The Social, Mobile Challenge to Customer Service Consistency
Oct 19, 2012 5:00 AM PT
It used to be that your business could provide a basic level of service and your customers would be perfectly happy. Some form of help, delivered at the speed of the business and within the parameters of your company's policies, was usually OK -- and if it wasn't, you could probably get away with it. I mean, who would hear about it, right?
Those days should never have been -- and they're gone forever now. We're living in a time when service and support are gaining the prestige they should have had all along. This is partly because customer retention depends on them, and as the subscription economy continues to expand, retention is becoming better understood as the key to profitability.
That's what is driving the focus on service from the business side of the equation. But the pressure for better service is coming from the customer side. Part of this is because of the pent-up demand for better service; the success of service outliers like Zappos and the attention they get is indicative of how ready customers are for better service.
There's more to it than just the yearning of customers for better service, though. They're being conditioned to expect better service: more responsiveness, more complete answers, and more potential channels through which to contact the businesses they buy from.
What's training customers to expect better service? Social media and mobile. The two trends are changing the rules for interaction, and although they started by altering how people connected to each other, they're now altering the way people connect to businesses.
Social media's impact is obvious. Twitter offers ways to communicate service issues in a manner that's more immediate than traditional service channels. The same is true of Facebook and other channels, to a lesser extent. Customers expect responses -- quick ones -- in ways that are absent from service channels such as email.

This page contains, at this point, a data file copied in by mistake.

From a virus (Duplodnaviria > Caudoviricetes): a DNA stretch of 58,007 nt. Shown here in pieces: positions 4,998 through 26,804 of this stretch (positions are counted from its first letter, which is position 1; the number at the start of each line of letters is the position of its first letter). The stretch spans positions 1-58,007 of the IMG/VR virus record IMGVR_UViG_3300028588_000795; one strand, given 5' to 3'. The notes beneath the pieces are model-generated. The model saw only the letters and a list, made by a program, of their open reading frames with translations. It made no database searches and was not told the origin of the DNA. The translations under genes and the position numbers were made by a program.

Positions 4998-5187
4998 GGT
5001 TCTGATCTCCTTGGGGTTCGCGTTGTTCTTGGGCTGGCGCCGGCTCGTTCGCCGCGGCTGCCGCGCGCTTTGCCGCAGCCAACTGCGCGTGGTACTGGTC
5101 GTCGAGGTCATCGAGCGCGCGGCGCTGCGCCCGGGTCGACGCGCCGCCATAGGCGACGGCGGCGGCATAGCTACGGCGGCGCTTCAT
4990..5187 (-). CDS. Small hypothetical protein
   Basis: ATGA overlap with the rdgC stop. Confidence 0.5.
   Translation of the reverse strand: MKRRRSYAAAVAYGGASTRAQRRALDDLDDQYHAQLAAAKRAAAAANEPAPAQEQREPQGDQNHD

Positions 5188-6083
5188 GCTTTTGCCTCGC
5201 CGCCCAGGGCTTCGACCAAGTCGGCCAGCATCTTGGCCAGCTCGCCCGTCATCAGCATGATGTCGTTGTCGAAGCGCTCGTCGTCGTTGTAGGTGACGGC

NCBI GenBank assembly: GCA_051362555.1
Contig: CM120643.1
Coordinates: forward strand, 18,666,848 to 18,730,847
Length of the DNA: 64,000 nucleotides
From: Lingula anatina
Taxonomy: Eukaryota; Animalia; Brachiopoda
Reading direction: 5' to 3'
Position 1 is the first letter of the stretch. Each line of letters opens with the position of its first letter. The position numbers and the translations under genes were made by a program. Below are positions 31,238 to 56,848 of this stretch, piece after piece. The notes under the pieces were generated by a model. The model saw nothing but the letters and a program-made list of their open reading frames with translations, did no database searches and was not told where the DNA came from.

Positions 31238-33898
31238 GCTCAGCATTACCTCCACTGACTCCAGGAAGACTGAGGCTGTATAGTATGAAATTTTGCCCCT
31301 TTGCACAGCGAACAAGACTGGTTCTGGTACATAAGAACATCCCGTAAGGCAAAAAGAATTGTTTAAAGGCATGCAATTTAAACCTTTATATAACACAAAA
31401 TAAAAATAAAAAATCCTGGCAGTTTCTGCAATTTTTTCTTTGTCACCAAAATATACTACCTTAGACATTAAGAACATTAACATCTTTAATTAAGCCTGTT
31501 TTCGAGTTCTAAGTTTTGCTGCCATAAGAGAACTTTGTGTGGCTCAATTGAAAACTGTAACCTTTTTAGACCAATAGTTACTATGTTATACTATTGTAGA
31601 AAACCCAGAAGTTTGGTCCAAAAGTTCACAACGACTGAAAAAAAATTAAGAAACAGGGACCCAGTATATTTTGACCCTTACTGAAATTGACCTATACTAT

Right Here, Right Now
Social media has two other attributes that make it more attractive to many customers than telephone or email: First, it bypasses the often-byzantine processes that plague service requests submitted through those older channels; second, it brings the interaction out into the open.
When your service conversation takes place in public, suddenly it's no longer a concern confined in the support part of the organization. Marketing, PR and sales suddenly become enthusiastic fans of rapid resolution of service requests for their own reasons. That urgency often fuels greater allocation of resources for social media-oriented service.
When this takes the form of a social media "layer" on top of still-broken service processes, customers discover they get faster service from the social media channel -- and thus, their expectations shift for all service requests, regardless of channel.
Add to that mobility, and you really get the conditions for shifted expectations. When a customer can reach out from virtually anywhere and tap into the urgency that service organizations feel about social, expectations change -- customers want a resolution or an answer immediately, wherever they happen to be.
Tune Up All Channels
Those shifted expectations are challenging -- and they're even more daunting when you realize that customers don't adjust their expectations as they move across channels. Customers expect consistency. Providing the level of service needed to satisfy mobile and social media will increase expectations for all the other channels you use to deliver service.
That, right there, is the challenge. If support is critical to customer retention, and if social and mobile channels are forcing you to up your game, then you need to up your game in the way you provide service over the phone, through email and via chat as well.
That's not because customers will switch between preferred channels (although they may, to take advantage of those channels' unique capabilities) and thus experience a dramatically different experience. It's because customers share their experiences when they get rapid, effective reactions to service requests -- and they share them with people who may use different channels.
Having one effective channel for service is not enough -- it sets up an inconsistent experience. Over time, it will overload and degrade your most effective service channel. Instead, strive to improve all your service channels by identifying those with specific strengths, and by thinking about ways to share those strengths across your entire service operation.